Realising how old-fashioned Chilean perceptions of the UK were, Roach approached the British Council in Chile with a plan to update the UK's image, to move it on from The Beatles and the Sex Pistols and show its multicultural diversity. His plan included a big party featuring drum and bass DJs. The British Council jumped at the chance and the party - held at Ex-Fabrica, an old textile factory - was a major breakthrough for Roach and his crew, attracting over 1,000 people.
The scene began to really take off with a diverse crowd attending parties sometimes twice a week. "After that, people wanted more." says Roach. But it's clear that this was also about more than just numbers, "At first, I was here representing my English upbringing. Now I started to feel like I represented Chile and that this was a Chilean scene we were creating."
Wider changes were also helping to fuel things. At the same time that Roach and his associates were getting more exposure in Chile, pioneers of drum and bass in Brazil were developing their own Latin-influenced sound. But perhaps more importantly, Santiago's nightlife was blossoming. Economic growth and higher incomes played a part, but Roach suspects that attitudes were also changing. "Going out started to be seen as an essential part of surviving life in an urban city. Taboos were broken. And there was also a kind of pride in being from Santiago."
Come the middle of the noughties, though drum and bass was thriving, it was still very much the underdog as more mainstream forms of dance music began to take off even more dramatically. Promoters were starting to bring the biggest names from Ibiza, Ministry of Sound and Creamfields and bring a more corporate, super-club culture to Santiago. Roach is quick to point out, "Drum and bass has nothing to do with that super glam level of production." And perhaps for this reason, and because for such people it's never been about the money, Roach and his crew were happy to take a back seat for a while and let others hog the limelight.
These days there are really two drum and bass scenes in Santiago. One with a much more commercial outlook - more dance-floor oriented focusing on popular tunes and a younger, mostly teenage audience. The other - where Roach's heart lies - remains fresh, edgy and experimental. The audience for the latter scene is more likely to be in their their mid-twenties, but they are perhaps more open-minded - as evidenced by the popularity of new sounds like dubstep at these events.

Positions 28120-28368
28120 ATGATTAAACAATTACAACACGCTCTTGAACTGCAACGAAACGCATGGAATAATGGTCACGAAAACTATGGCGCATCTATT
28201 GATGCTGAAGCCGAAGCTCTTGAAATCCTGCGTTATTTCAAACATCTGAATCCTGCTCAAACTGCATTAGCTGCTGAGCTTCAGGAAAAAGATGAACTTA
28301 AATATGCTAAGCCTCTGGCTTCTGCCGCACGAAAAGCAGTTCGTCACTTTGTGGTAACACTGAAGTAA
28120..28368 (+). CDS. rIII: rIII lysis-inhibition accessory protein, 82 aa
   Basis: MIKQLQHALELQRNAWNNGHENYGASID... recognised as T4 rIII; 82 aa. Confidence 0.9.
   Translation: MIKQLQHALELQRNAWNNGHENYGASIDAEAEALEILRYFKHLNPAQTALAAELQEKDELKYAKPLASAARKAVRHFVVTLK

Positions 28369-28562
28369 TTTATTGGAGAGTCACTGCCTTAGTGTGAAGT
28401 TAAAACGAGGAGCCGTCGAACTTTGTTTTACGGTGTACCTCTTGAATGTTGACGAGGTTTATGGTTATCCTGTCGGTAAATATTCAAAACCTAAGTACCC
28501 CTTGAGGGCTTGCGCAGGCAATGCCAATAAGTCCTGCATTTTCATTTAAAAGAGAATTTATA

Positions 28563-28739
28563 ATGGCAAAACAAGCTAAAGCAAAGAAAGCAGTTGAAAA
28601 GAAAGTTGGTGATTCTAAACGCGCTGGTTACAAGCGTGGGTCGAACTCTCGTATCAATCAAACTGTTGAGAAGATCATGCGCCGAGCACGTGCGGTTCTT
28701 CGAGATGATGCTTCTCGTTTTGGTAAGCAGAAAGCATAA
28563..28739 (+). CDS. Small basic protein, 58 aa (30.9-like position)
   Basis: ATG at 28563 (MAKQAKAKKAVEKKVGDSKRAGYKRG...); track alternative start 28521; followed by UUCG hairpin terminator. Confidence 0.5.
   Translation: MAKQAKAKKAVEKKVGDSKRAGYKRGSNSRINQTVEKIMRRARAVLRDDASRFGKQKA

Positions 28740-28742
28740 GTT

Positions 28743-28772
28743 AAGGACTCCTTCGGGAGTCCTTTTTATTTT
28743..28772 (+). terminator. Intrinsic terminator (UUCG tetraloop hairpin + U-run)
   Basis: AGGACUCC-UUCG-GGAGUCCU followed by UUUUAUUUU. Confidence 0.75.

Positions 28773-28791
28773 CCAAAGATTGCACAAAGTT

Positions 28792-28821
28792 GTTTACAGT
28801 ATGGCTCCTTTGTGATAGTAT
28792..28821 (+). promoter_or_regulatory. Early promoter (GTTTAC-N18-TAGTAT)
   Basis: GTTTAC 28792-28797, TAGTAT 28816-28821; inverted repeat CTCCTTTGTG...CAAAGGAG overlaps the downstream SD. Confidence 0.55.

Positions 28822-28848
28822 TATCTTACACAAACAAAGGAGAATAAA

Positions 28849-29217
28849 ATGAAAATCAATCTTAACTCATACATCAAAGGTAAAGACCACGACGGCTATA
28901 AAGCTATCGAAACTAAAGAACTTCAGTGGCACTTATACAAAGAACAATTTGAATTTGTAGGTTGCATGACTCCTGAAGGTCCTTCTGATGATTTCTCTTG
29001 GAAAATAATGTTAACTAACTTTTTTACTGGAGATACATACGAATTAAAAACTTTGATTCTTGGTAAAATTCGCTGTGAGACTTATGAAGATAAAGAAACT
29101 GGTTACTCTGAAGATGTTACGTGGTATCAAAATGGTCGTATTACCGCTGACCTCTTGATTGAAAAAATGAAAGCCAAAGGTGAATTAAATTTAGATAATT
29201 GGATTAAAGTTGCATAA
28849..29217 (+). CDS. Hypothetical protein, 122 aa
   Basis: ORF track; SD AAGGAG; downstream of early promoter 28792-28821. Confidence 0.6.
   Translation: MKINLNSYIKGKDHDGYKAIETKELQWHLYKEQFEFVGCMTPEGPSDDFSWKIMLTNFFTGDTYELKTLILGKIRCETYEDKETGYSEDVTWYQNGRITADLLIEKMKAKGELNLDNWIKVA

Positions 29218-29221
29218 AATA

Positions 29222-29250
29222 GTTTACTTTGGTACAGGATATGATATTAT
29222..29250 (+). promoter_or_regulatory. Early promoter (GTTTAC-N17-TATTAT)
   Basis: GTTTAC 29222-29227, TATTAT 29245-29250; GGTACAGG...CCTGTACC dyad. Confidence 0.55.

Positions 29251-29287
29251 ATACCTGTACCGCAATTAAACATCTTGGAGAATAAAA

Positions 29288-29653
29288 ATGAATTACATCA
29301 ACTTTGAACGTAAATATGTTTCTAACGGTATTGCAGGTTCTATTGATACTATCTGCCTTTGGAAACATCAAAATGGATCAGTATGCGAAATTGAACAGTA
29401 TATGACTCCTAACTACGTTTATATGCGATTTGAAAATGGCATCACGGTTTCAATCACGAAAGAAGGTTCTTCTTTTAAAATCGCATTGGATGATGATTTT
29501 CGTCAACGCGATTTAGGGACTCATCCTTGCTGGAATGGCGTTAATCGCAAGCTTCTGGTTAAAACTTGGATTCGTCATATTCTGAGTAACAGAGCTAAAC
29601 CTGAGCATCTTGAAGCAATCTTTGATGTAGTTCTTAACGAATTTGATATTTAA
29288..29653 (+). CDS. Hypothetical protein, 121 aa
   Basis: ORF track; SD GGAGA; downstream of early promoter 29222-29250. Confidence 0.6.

Saturday June 12 sees Roach's current crew (Caja de ritmos) play host to DJ Die - a guest DJ from Bristol, England and a veteran of the scene who has worked with the likes of Roni Size, Photek and newer artists such as Clips and Break. The event - around ten years on from those first big parties in Santiago - is clearly something Roach is proud to be involved in. "For many years we were playing his [DJ Die's] records thinking, 'God, we're so far away from where it's all at.' Every time we bring someone like him over we feel everything's been worth it."
As befits a movement often tagged as 'futuristic', Roach and his associates are also looking to the future of drum and bass in Chile. Of course, perhaps more than most other genres, drum and bass music continues to evolve and spin out new sub-genres. But Roach is keen to progress another, more distinctive vision of the future, "The next step here in Chile is to get more into the production side of it - to have people from Chile actually making the music." With this in mind there are plans for a new Santiago-based drum and bass record label.
Despite his upbringing on the streets of London, Roach is keen to see how Chile's specific musical traditions, its emphasis on the melancholy and on the emotions, and the country's diverse immigration influences might influence a new form of drum and bass. "It will be interesting to see what is going to come out of our experience ... Don't be surprised if the next wave of Chilean drum and bass has a new slant!" Roach says this with a smile that suggests he knows something very interesting but is, for now at least, holding it back. It sounds like a future worth waiting for.
Saturday, June 12, 2010
CP$5.000 all night